Stretch processor rewires itself on the fly

— 2:57 AM on April 27, 2004

Stretch claims to have the first processor with embedded programmable logic that allows the chip to rewire itself on the fly. C|Net reports:

The Mountain View, Calif.-based company on Monday announced the S5000, which it says is the first processor that can add new instructions while operating. The chip combines an existing RISC (reduced instruction set computing) architecture with a large reconfigurable area of programmable logic called the Instruction Set Extension Fabric, ISEF. The company's own C/C++ compiler automatically spots areas in a program that require intensive computation and creates new instructions for the processor to handle those tasks.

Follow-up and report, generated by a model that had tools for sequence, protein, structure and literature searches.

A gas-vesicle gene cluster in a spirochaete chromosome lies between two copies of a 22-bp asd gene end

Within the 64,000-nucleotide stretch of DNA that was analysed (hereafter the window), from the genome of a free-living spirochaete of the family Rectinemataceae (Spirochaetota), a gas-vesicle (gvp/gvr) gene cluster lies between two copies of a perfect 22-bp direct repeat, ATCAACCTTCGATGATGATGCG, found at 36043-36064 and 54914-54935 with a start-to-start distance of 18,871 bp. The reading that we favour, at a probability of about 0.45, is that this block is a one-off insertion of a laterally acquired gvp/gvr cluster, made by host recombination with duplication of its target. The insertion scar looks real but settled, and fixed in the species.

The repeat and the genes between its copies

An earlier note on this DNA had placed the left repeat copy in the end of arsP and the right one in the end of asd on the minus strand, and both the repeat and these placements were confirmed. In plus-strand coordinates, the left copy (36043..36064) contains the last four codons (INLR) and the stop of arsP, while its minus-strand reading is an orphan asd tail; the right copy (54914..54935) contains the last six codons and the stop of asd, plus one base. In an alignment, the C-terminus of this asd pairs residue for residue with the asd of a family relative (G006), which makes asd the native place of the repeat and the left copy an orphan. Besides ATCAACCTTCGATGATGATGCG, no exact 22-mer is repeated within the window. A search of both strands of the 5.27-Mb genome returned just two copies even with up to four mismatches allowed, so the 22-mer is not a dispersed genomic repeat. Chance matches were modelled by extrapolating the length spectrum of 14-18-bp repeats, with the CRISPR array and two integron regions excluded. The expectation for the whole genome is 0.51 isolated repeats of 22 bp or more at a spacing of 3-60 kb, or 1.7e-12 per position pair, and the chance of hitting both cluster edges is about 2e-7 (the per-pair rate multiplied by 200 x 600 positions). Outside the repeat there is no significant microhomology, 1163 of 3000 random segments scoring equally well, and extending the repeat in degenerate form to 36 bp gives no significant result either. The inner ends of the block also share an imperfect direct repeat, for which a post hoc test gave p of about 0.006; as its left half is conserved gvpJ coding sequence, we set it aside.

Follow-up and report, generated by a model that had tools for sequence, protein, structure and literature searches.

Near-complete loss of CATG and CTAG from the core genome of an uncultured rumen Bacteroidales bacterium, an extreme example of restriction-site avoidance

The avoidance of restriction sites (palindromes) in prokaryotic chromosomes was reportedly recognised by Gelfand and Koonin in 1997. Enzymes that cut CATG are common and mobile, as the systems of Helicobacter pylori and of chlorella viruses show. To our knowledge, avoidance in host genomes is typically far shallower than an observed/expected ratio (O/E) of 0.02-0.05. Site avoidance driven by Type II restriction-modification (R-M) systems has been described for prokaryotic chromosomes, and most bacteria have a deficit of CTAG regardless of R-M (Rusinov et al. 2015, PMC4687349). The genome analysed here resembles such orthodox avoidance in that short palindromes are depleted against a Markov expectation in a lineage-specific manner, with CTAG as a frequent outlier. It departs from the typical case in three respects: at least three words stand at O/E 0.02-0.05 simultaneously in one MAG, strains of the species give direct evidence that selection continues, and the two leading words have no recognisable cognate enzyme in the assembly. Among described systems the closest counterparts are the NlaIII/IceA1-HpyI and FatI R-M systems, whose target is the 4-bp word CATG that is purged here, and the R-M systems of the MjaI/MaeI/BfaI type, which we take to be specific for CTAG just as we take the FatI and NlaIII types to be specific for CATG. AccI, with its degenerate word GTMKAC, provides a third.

Through the creation of new instructions, the S5000 can apparently execute some encryption or digital video processing ops in a single clock cycle, allowing the chip to outperform competition running at significantly higher clock speeds. The Stretch S5000 is initially being targeted at video, networking, security, and other application-specific environments, so don't expect such a chip inside your PC anytime soon.
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